COVID-19 Guide

In these unprecedented times, all of us have had to make decisions with little information pertaining to COVID-19.  Referencing a number of resources (mainly the CDC and Dane County Public Health website), TPCHR has developed this interactive tool to better equip employees and managers to handle decisions related to COVID-19 health concerns and issues.  This tool is NOT intended to provide medical or legal advice.  It should be considered informational only.  Any medical or legal advice should come from a licensed professional.  Likewise, this decision guide should not be considered “the” definitive answer to any particular situation.  Each situation should be evaluated, and course of action based on individual circumstances.

Toggle between either option below to select the statement that best represents your situation as it pertains to this interactive decision-making guide.

Definitions

Sore throat; nausea; vomiting; diarrhea; chills; muscle pain; extreme fatigue/feeling very tired; new severe/very bad headache; new nasal congestion/stuffy or runny nose.

Fever of 100.4 degrees Fahrenheit or higher; new cough or a cough that gets worse; difficulty/hard time breathing; new loss of taste or smell.

To separate a sick person with COVID-19 from people who are not sick. People can end isolation when the following criteria are met: They have been fever-free for 24 hours (without the use of fever reducing medications) Their other symptoms have improved It has been at least 10 days since their symptom onset.

To separate and restrict the movement of a person who was exposed to COVID-19 in case they become sick. Most people start their quarantine when they find out about their exposure and can end their quarantine 14 days after the last time they were with the person with COVID-19.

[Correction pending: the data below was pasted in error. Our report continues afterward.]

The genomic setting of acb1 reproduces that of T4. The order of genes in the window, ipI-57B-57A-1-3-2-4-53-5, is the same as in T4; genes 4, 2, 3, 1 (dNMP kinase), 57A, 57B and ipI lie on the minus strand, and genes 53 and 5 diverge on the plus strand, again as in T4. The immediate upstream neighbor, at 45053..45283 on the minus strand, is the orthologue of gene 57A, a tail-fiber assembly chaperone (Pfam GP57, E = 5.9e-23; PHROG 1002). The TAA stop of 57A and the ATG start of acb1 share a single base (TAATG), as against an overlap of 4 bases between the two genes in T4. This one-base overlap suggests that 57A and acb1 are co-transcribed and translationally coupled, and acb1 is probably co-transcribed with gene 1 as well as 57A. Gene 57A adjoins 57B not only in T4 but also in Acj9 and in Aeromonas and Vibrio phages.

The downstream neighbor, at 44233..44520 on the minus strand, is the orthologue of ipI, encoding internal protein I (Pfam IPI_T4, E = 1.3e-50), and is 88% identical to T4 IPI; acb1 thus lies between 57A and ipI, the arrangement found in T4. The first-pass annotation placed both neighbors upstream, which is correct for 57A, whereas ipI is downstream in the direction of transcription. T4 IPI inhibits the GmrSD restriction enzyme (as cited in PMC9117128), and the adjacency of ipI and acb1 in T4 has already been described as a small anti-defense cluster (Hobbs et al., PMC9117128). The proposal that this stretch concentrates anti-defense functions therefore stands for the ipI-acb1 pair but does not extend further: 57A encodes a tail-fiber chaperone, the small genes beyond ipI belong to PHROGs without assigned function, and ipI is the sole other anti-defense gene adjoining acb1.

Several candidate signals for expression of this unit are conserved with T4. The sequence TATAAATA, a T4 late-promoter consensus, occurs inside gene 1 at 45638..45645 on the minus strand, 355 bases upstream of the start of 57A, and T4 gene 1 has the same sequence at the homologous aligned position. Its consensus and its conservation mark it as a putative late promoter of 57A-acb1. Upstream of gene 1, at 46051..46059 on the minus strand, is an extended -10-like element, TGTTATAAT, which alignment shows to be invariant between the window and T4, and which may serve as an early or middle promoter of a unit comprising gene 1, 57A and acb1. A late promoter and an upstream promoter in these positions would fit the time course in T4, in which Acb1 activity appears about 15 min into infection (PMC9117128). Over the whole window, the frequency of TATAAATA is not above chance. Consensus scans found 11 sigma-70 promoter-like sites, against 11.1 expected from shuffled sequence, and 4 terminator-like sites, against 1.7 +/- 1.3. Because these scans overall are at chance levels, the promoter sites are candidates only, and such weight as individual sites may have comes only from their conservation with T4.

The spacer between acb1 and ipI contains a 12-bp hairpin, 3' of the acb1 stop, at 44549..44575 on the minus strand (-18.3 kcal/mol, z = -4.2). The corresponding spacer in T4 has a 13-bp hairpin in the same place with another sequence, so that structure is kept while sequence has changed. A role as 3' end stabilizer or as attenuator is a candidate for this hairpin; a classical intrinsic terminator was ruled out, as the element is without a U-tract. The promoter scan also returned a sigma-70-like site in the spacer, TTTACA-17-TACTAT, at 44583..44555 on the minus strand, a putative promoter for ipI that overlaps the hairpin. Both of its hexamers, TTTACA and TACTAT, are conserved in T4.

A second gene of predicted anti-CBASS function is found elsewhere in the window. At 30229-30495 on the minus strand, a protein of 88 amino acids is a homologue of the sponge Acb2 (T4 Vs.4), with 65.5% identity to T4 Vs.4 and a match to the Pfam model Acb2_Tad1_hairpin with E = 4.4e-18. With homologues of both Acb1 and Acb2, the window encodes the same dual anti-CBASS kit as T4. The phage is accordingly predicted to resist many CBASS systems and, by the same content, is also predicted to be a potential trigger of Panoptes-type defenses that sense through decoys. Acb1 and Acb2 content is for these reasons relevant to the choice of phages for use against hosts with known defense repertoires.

Someone who was within 6 feet of a COVID-19 positive person (regardless of wearing a mask or other PPE) for at least 15 cumulative minutes Keep in mind the minutes of close contact add up; being within six feet for three, 5-minute periods would make someone a close contact. Can occur starting 2 days before positive test or illness onset, whichever occurred first

Quick Answers

The advice we've found is that you will stay home until test results are received. Refer to  "Quick Answers" below once test results are received. 

From what we've read, you should stay home until all of the following apply:

  1. You have been fever-free for 24 hours (without the use of fever reducing medications)
  2. Your other symptoms have improved.
  3. It has been at least 10 days since your symptom onset. A doctor's note or Public Health release is not required to return to work.

The advice we've seen id that you need to stay home and monitor for symptoms. If you have no symptoms, you can return 10 days after you were tested.

If during the 10 days you become symptomatic, then you must continue to stay home for at least 10 more days from the date of the symptom onset and meet all the following before returning to work

  1. You have been fever-free for 24 hours (without the use of fever reducing medications)
  2. Your other symptoms have improved.
  3. It has been at least 10 days since your symptom onset. A doctor's note or Public Health release is not required to return to work.

You do not have COVID-19.

You should follow standard employee illness protocols for returning to work, such as 24 hours fever-free, or 2 days after last episode of vomiting or diarrhea, or when on antibiotics for at least 24 hours, or as approved to work by a doctor. A doctor’s note may be required to return to work based on medical condition and business illness policy.